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Reading, Writing and Risk

Air Pollution Inside California's Portable Classrooms

Saturday, May 1, 1999

Reading, Writing and Risk

Air Pollution Inside California's Portable Classrooms

View and Download the report here: Reading, Writing and Risk

More than two million California children attend school in portable classrooms that can be a significant source of exposure to airborne toxic chemicals and molds, according to state and federal data analyzed by Environmental Working Group (EWG).

Tests by school districts and indoor air quality specialists, plus extensive documentation of air toxins in mobile homes and similar structures, indicate that manufactured buildings emit hundreds of chemicals, including a number known to cause cancer, birth defects, brain and nerve damage, asthma and other illnesses. Of greatest concern are volatile organic compounds (VOCs) such as formaldehyde, benzene and toluene, which are emitted from the particle board, plywood, fiberglass, carpets, glues and other materials used in portables. Manufactured buildings, which are often prone to leaks, are also favored habitat for toxic molds that can cause nausea, nosebleeds, respiratory illness, and in extreme cases, even death.

How serious the health risks are in portable classrooms is hard to say. In many reported cases, students or teachers who suffered health problems in portables experienced short-term effects such as headaches or nausea that abated when they switched classrooms or ventila- tion deficiencies were corrected. But an exhaustive review of the scientific literature finds clear evidence that some portables can expose children to toxic chemicals at levels that pose an unac- ceptable risk of increasing their chances of developing cancer or other serious illness.

The chemicals found in portable classrooms are very similar to those found in conventional buildings. But the combination of tighter construction, fewer windows and inadequate ventilation in portables can lead to a greater buildup of toxic compounds. Data on the actual or average levels of VOCs and other air contaminants measured in portables are limited. Just as scarce are health-based government standards for exposure to contaminants in indoor air. But comparisons with standards for chronic exposure in outdoor air show that the outdoor exposure thresholds for formaldehyde are many times lower than levels that have been measured in portables (Figure 1).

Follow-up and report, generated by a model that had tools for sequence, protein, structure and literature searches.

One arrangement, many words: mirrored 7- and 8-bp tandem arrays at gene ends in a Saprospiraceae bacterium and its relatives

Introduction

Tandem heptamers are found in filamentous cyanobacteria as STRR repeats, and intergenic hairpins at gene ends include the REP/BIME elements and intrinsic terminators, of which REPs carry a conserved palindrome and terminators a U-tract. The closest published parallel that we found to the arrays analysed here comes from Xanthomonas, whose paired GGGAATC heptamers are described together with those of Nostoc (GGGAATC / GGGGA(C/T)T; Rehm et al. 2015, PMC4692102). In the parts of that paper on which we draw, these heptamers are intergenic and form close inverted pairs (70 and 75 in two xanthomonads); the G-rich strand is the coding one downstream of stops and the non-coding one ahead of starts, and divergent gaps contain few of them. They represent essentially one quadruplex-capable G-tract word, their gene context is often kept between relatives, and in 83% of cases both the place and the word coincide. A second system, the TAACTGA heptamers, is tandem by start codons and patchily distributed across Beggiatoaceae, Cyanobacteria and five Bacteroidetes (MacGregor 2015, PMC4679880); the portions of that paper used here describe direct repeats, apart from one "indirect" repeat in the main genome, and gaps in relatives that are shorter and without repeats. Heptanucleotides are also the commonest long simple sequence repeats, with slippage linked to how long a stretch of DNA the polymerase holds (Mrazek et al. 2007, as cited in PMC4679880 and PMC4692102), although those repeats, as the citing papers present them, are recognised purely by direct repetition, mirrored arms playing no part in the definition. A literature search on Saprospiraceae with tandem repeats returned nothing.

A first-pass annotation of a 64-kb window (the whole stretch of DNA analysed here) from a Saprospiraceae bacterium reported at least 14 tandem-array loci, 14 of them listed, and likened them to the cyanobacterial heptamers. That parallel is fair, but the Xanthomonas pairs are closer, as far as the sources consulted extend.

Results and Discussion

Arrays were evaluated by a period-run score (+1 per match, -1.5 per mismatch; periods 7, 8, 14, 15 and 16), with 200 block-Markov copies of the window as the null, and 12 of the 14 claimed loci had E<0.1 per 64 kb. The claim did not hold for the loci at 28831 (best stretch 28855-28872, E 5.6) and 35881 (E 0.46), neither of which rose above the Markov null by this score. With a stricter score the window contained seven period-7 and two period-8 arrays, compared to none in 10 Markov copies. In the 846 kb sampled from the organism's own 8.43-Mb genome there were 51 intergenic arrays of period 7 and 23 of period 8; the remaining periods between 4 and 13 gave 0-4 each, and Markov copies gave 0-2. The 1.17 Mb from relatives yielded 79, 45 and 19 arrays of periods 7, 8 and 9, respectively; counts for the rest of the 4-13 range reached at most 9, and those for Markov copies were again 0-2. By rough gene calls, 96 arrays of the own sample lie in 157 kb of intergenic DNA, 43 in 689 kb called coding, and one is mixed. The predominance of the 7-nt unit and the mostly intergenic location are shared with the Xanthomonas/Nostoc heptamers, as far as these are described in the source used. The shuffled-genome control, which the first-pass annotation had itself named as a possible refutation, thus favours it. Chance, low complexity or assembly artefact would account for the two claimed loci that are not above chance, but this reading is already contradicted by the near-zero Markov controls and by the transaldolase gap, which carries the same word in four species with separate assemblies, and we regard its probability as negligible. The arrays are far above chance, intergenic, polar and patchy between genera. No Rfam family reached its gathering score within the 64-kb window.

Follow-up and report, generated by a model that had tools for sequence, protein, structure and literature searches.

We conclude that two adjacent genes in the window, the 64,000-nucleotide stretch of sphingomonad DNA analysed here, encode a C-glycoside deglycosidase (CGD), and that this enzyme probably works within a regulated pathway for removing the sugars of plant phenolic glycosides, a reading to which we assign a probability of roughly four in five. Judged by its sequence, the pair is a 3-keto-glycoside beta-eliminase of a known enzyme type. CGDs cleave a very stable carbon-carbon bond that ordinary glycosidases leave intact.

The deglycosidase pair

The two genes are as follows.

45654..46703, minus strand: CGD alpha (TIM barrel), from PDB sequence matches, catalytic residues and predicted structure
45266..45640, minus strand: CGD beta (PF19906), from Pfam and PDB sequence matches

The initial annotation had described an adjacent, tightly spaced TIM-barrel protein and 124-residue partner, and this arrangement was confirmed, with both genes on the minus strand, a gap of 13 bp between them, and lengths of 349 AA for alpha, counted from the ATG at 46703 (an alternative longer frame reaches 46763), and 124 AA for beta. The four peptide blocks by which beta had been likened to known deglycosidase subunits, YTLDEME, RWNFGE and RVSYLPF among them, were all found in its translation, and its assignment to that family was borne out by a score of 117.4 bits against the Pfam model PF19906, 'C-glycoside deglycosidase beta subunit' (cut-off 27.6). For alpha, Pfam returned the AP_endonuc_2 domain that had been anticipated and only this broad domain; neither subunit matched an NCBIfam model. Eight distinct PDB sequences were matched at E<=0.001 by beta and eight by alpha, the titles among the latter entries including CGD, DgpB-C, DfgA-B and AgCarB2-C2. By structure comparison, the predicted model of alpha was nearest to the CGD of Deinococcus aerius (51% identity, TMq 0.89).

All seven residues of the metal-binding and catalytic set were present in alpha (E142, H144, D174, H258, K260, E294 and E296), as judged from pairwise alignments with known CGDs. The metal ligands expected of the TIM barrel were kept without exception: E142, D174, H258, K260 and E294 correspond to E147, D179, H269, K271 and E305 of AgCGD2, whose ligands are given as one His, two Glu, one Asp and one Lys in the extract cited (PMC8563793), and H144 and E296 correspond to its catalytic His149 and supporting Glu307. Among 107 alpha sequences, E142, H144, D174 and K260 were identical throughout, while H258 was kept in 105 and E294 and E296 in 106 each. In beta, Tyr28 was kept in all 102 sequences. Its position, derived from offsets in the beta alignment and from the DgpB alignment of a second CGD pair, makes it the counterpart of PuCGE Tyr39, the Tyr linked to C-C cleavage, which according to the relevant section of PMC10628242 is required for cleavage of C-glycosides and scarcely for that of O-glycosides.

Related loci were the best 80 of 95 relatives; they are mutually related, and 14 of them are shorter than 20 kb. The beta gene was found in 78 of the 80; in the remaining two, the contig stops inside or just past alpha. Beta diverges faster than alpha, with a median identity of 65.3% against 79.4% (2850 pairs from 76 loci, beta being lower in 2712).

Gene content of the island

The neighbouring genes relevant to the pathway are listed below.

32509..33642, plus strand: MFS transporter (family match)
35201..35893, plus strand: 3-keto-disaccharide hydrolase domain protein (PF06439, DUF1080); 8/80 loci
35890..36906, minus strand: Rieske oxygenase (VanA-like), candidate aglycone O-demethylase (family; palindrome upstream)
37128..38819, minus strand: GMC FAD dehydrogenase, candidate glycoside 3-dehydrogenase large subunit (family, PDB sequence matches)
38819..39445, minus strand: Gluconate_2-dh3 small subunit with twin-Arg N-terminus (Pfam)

In 1998 a Lawrence Berkeley National Laboratory scientist, considered one of the top experts on the issue, measured average levels of total VOCs in new mobile homes that were more than three times the indoor air quality standards set by the State of Washington and eight times the “comfort range” recommended by European experts (Hodgson 1998). (Table 1) Newer portable classrooms are required to provide better ventilation than mobile homes, but there is abundant anecdotal evidence that many portables are not properly ventilated — in some well-documented cases, the vents were found to never have been opened. In 1996 another Lawrence Berkeley Lab expert surveyed county health officers and air quality districts in California and found that the highest total VOC levels measured in a portable classroom were more than five times the Washington standard and more than 14 times the European comfort range (Daisey 1998).

The Washington standard and the European recommendation for indoor air allow continuous exposure to levels of toxins greater than acceptable outdoor concentrations when cancer or other chronic illnesses are considered. Based on risk assessment guidelines developed by the U.S. Environmental Protection Agency and the State of California, standards for chemicals in outdoor air, EWG calculated that for some children, exposure to formaldehyde at levels that have been measured in portables carries two to three times the increased risk of cancer permitted under the Clean Air Act (one additional case per million people). Similarly, exposure to benzene at levels measured in mobile homes (no measurements from portables are available) also carries the same level of increased risk of cancer (OEHHA 1999). These estimates assume that children are exposed to these carcinogens only during the time that they spend in portable classrooms.

View and Download the report here: Reading, Writing and Risk

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